It’s 1am on a Saturday morning and one of the houseguests has forgotten the code to the door. Who’s going to roll out of bed and let them in?
That’ll be a job for pastoral assistant!
You get the picture.
But, I suppose, one way of spiritualising these rather unpleasant tasks is to say they are small exercises in humility.
Being humble and developing that servant heart is at the centre of the pastoral assistant’s ministry, indeed at the centre of all ministry.
So, I guess I have Fr. Philip and St. Matthews to thank for giving me so many (so, so many) opportunities to learn this vital discipline for priestly ministry!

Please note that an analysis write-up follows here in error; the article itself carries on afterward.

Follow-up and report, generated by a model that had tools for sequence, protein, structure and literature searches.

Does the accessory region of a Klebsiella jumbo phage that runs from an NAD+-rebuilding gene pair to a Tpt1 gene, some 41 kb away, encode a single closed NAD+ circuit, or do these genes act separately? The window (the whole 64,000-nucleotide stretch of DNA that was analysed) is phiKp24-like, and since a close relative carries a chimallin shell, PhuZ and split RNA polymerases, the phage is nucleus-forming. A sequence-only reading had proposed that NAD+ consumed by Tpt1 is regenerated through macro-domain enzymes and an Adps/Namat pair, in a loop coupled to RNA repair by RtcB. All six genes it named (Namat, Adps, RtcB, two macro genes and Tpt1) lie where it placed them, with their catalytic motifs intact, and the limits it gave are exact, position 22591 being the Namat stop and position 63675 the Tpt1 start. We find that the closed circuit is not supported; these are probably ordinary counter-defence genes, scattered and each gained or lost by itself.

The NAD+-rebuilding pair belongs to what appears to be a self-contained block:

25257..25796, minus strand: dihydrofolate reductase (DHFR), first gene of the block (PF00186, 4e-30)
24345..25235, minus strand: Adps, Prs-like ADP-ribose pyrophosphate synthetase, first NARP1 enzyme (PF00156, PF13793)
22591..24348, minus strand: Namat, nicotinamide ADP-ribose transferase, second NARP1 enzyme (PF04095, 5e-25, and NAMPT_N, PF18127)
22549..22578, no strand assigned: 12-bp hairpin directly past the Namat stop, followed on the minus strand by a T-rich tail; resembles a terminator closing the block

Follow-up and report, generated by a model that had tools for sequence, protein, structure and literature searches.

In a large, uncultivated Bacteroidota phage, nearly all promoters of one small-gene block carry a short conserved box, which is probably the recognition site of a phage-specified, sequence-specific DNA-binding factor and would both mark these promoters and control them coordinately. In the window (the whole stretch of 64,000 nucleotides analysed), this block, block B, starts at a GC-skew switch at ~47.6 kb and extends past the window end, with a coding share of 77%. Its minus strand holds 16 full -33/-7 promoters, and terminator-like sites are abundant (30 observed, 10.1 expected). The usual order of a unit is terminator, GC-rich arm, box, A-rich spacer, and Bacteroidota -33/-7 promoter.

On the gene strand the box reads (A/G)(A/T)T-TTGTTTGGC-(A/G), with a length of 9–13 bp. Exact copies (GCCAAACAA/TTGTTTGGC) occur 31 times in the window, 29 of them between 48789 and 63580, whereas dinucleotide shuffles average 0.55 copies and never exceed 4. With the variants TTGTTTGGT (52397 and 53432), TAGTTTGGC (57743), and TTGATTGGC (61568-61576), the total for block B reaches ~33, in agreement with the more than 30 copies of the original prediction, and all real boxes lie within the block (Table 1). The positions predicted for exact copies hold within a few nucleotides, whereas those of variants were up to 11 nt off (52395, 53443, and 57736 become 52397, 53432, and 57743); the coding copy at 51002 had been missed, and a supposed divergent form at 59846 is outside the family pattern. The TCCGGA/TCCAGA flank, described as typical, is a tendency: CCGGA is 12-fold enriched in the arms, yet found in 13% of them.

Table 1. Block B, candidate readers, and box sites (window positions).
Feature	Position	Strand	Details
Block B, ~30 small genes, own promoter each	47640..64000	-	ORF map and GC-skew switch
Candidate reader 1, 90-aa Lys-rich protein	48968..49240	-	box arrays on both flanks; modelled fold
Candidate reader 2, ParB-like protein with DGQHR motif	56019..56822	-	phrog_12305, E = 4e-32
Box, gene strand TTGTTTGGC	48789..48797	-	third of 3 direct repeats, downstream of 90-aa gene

Therefore it is my pleasure to preach on the following text this morning. These are from the lips of Jesus (Luke Chapter 18.14)
“I tell you this man went down to his home justified rather than the other, for all who exalt themselves will be humbled, but all who humble themselves will be exalted.”
Shall I go home now?
But joking aside – Jesus tells us a parable and asks us to consider who stands as righteous before The Lord.
Two men go to the temple to offer their prayers.
One is a Pharisee, the other a tax collector.
Now, if we have been Christians for some time we have been taught, possibly conditioned into responding in a certain way.
Who is the bad guy in this parable?
Automatically we point the finger at the Pharisee, it’s so obvious isn’t it?
We loathe his self- righteousness and his arrogance.
He’s so pompous and puffed up, we right him off in an instant.
He has become the pantomime villain, the crowd love to boo and hiss at.